I saw it with my nephews, who loved it, but I was bored. I really hated the character design of Arlo and his family, especially compared with the amazing background animation; they didn't look like they belonged in the world. It's such a great premise -- what if the dinosaurs were never destroyed -- and the movie does nothing interesting with it. The storm-chasing dinosaurs were clever, and the reveal about what "the storm provides" was a genuinely scary twist. I linked a review in the sidebar that sort of explains why this felt so disappointing to me.

The water effects made Tangled look like Steamboat Willie.

One of the times Arlo gets out of the river and the water runs over him and drips off of him, it's amazingly realistic and beautiful. The animation might be the only reason I guess I'm glad I saw it in the theater.
posted by gladly at 5:49 AM on November 30, 2015 [1 favorite]


My seven year-old and I were both pretty underwhelmed by this. His review, "It could have been better." How? "By being less boring."

I'm having trouble articulating why it didn't work for me. It just seemed thin, I guess. There were genuinely scary parts, but the stakes seemed to lessen over time, instead of increase. The same flooding that supposedly killed the Dad, was easily survived by Arlo and Spot. The first encounter with the storm-chasers was much more tense than the last one.

Even the seven year-old noticed that Arlo made a habit of falling off of cliffs into soft foliage.

It was cool to have the fake-out of the T. Rex's being friendly, but then the raptors(?) were a bit of a let-down. You have to go even bigger after something like that.

And then he gets home and his Mom and his two siblings have already finished the harvest in time without his help.
posted by He Is Only The Imposter at 1:00 PM on November 30, 2015 [1 favorite]


This studio made movies about inanimate objects that come to life...
posted by Monochrome at 8:46 AM on December 1, 2015 [3 favorites]




[Couple comments removed. FanFare is not for rants about why you won't see/read a given work, sorry. ]
posted by restless_nomad at 3:43 PM on December 2, 2015 [1 favorite]


I am not always kind to Pixar movies, but I enjoyed this one a lot; it may be simply the gorgeous animation (that water made me gasp, I thought it was film footage for a second).

The design; really odd. Like a toy dinosaur stuck in a photorealistic landscape. I adapted to it after a while, but that plus the lack of feathers on all but one dinosaur type was jarring to get used to.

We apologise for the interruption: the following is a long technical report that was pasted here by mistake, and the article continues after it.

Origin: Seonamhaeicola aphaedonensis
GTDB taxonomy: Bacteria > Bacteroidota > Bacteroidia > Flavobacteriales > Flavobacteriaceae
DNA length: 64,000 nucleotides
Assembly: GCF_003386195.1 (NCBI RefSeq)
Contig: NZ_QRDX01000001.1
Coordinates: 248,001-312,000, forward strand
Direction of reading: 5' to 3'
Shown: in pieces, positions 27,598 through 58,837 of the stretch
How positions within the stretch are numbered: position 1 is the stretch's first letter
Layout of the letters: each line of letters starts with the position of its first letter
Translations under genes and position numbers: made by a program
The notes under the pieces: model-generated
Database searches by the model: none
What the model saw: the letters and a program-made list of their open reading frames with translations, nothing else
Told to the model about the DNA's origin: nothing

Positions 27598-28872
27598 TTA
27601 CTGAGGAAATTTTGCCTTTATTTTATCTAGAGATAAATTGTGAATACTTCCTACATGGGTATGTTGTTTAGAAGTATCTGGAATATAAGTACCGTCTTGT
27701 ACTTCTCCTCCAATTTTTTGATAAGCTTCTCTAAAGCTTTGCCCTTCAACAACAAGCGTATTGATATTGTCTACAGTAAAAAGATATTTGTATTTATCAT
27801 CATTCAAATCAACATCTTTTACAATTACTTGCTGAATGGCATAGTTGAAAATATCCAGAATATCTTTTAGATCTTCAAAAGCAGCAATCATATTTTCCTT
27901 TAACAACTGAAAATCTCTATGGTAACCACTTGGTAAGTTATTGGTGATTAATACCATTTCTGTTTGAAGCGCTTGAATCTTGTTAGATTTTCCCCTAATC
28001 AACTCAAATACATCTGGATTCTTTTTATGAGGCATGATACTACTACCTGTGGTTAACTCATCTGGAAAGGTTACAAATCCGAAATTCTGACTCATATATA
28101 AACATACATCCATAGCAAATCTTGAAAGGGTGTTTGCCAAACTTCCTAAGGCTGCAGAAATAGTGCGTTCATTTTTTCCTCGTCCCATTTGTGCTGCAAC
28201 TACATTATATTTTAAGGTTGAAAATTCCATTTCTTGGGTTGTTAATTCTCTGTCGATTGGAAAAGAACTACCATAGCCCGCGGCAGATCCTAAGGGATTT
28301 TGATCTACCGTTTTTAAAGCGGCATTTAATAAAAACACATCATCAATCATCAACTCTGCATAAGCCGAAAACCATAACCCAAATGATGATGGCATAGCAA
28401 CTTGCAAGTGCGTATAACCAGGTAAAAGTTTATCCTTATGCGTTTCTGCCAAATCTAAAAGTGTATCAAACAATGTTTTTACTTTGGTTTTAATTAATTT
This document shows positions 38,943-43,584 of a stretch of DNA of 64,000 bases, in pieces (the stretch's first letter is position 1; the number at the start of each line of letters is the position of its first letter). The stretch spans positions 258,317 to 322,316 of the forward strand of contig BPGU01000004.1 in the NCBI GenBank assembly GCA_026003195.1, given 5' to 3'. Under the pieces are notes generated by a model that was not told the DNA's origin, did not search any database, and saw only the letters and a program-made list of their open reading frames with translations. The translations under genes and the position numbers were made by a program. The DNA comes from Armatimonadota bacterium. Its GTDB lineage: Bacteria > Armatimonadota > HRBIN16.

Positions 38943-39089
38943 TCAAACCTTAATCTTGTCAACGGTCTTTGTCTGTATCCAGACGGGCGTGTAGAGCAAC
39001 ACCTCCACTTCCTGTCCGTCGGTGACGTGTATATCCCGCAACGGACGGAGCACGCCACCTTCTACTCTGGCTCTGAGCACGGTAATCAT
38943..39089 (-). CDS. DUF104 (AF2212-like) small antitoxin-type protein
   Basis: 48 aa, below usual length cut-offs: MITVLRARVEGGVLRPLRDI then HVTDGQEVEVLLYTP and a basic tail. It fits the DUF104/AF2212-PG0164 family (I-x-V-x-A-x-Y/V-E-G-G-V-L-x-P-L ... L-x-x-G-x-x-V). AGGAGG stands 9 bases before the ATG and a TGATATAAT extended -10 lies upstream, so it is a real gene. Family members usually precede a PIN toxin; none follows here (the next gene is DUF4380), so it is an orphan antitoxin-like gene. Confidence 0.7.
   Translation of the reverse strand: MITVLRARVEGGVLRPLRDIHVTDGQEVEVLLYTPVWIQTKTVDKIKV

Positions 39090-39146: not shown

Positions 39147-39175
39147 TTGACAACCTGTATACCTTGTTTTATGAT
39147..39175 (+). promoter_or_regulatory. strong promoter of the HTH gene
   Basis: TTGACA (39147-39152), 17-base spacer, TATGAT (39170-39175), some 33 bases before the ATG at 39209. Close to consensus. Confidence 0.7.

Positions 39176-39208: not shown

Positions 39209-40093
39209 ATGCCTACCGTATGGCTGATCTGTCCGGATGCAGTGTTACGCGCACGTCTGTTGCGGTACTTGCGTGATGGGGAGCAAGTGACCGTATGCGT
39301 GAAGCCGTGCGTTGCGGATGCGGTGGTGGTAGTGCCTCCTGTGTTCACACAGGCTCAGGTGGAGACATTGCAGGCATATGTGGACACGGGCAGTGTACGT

The world: yes, an amazing idea, semi-feral humans and intelligent dinosaurs. BUT I have questions:

--they have agriculture! Also, presumably, private property? Human pioneers tended to build towns. Why wouldn't dinos? Where were the rest of the dinos? Herbivores are largely herd animals, but the only family group was the T-Rexs. This landscape is like "human-free North America with a few dinos sprinkled in" when there would have been many more smaller dinosaur species running around in the forests and prairies.

--The chickens were enjoyably dino-like. Also: vestigial limbs on red cobralike snake? Sure, why the hell not.

--How do you plow a field with the part of your head that has nostrils? Your nose would fill with dirt.

-- At one point, Arlo is struggling to carry crops on his back. Even on a broad, strong back, this would be really inefficient. Meanwhile, building a drag/skid would make more sense. Even using a giant leaf/piece of bark to pull a load.

--As much as they struggled to grow those crops, there is no way that size of fields would feed a family of beings that large.

--The T-rexs built a fire. How did they do that? Do they carry flints with them? Didn't see any clothes/belts.

In terms of animation, a beautiful movie. In terms of thinking through the world, it feels confused. In terms of story, I rather liked it; one reviewer thought Arlo didn't really move in a believable way from scared to not scared, but I think the steps were clearly signposted, usually when he was prompted by Spot, and in fact his final act of courage was entirely about Spot.
posted by emjaybee at 7:37 PM on December 5, 2015 [3 favorites]


Agree with many of the comments above, we didn't enjoy this one at all. Neither Miss6 or Miss3 lasted more than a half hour - too scary, and then too boring.
posted by coriolisdave at 6:48 PM on January 4, 2016